Baird Jarman and Matt Whited to lead interdisciplinary teaching and learning effort

The effort is funded through a new Humanities Connections grant from the National Endowment for the Humanities.

20 May 2024 Posted In:
Collage of two headshots, one of Baird Jarman and one of Matt Whited.
Baird Jarman and Matt WhitedPhoto:

Carleton will advance interdisciplinary teaching and learning thanks to a new Humanities Connections grant from the National Endowment for the Humanities (NEH). Baird Jarman, director of the Humanities Center, David and Marian Adams Bryn-Jones Distinguished Teaching Professor of the Humanities, and professor of art history; and Matt Whited, director of the STEM Board and chair and professor of chemistry, will run the one-year, $49,778 grant.

Beginning in late summer 2024, the grant will first support faculty retreats to consider and address key issues such as course scheduling, faculty coordination, and funding for collaborative teaching. During winter break 2024, the grant will support a course-development workshop on multidisciplinary teaching. Then, during the first half of 2025, it will support stipends to develop multidisciplinary courses at Carleton. 

The resulting Curricular Bridge courses will aim to encourage students to think across academic boundaries and discover a wealth of overlaps and mixtures between subjects — exactly the goal of the NEH’s Humanities Connections program, which aims to expand the role of the humanities in undergraduate education by fostering partnerships between humanities faculty and counterparts in other areas of study, such as the physical and natural sciences.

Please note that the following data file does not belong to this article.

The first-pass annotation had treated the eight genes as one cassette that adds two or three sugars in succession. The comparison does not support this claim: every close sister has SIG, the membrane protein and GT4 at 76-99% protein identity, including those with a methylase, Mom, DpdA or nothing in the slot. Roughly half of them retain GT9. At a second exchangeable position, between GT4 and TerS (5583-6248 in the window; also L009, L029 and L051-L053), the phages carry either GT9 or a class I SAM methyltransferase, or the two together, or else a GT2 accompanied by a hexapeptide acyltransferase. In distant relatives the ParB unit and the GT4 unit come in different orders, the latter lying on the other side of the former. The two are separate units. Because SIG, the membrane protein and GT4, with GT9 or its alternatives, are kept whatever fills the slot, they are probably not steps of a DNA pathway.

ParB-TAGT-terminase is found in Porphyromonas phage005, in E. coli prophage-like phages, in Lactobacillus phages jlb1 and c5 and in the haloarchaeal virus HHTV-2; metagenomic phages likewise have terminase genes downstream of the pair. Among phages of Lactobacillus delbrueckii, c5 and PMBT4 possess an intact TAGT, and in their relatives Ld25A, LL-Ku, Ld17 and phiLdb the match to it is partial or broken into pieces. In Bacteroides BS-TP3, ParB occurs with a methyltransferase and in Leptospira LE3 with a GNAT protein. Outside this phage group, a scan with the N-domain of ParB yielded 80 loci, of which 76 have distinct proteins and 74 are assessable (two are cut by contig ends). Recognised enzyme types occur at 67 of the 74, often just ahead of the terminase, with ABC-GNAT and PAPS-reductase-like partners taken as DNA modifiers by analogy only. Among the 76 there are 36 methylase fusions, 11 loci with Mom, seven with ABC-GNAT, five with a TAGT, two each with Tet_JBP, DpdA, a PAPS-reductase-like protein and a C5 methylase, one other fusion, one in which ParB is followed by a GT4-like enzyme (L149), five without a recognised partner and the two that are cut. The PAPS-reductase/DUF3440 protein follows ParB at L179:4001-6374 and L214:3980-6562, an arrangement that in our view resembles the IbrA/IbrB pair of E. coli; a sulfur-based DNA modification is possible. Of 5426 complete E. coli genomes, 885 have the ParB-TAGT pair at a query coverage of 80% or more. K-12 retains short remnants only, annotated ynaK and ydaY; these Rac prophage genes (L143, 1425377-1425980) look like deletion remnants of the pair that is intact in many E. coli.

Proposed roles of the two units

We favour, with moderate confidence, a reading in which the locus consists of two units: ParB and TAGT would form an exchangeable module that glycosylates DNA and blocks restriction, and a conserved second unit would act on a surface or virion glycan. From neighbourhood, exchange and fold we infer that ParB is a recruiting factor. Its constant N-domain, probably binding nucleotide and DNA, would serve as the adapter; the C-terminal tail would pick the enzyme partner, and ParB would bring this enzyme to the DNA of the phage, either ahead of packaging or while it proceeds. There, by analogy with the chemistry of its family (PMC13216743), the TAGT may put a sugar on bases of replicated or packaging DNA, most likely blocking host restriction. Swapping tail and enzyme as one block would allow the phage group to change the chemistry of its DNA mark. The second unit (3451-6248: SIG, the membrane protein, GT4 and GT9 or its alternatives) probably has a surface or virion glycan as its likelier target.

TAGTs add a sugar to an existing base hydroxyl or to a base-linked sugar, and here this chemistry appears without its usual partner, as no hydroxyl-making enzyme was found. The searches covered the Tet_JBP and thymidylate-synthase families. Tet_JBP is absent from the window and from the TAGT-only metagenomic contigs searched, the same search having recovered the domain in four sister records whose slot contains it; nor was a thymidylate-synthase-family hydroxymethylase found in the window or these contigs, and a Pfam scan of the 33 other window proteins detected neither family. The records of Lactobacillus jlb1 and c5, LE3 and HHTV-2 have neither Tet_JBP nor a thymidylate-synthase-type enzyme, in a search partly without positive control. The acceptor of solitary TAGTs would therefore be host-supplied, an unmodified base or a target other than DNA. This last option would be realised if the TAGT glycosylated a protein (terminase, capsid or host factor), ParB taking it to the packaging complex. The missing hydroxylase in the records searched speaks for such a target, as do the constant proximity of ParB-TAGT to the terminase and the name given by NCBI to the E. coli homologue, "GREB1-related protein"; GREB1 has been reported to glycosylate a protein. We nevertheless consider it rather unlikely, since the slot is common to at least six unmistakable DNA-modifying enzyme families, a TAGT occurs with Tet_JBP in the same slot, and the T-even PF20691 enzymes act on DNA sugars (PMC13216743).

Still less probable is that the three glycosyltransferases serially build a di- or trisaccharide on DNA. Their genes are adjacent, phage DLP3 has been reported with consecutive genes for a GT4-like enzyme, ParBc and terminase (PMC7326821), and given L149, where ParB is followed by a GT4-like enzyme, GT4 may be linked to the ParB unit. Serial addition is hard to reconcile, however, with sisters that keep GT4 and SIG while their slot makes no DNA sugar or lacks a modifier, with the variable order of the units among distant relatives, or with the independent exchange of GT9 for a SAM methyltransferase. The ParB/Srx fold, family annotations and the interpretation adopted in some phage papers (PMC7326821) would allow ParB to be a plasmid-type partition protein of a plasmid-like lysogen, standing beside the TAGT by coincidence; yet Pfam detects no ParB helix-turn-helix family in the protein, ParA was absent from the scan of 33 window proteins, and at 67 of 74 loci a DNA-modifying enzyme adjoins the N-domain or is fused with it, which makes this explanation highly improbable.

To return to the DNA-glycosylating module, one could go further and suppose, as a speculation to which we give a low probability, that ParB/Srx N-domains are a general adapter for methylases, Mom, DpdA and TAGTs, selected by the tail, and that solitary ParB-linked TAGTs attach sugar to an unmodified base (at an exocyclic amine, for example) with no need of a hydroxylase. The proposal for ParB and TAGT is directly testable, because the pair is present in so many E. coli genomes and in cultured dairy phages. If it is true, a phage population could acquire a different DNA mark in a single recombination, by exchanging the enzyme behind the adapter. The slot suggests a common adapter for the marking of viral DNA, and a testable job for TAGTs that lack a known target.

“The traditional liberal arts emphasis on curricular exploration, while requiring a breadth of academic study, only goes so far toward showing the potential of interdisciplinary work,” said Jarman. “It leaves students to find for themselves connections and resonances between their courses. We hope these Curricular Bridge offerings will demonstrate exciting interdisciplinary work fueled by combinations of humanities and STEM fields. In turn, we hope this encourages students to see their declared majors less as silos of knowledge and more as hubs of activity.”

“I am especially excited for the opportunities provided by this grant to think deeply about strategies for enabling more and deeper links between STEM and humanities disciplines in our course offerings,” added Whited. “I know many STEM faculty are eager to partner with humanist colleagues in this work.”

Like other recent grants, such as art history professor Ross Elfline’s Mellon-funded ACM fellowship, this NEH award will enable Carleton to work toward two goals of the College’s strategic direction, Carleton 2033: The Liberal Arts in Action:

  • Goal 4: Carleton will model the interdisciplinary approaches needed for students to address the complex challenges of the future.
  • Goal 5: Carleton will create space for experimentation, exploration, and intellectual risk-taking inside and outside of the classroom.

The Curricular Bridge courses launched with grant support will help expand Carleton’s collection of inter-divisional courses, especially for students beyond their first term. The NEH grant will augment existing institutional support for this kind of teaching and learning, but also allow Carleton to better understand challenges to interdisciplinary teaching and to coordinate long-term solutions to those barriers. The project will thus strengthen the foundation for continued progress on teaching and learning across departmental and divisional lines.

Read on the Carleton Grants Office page.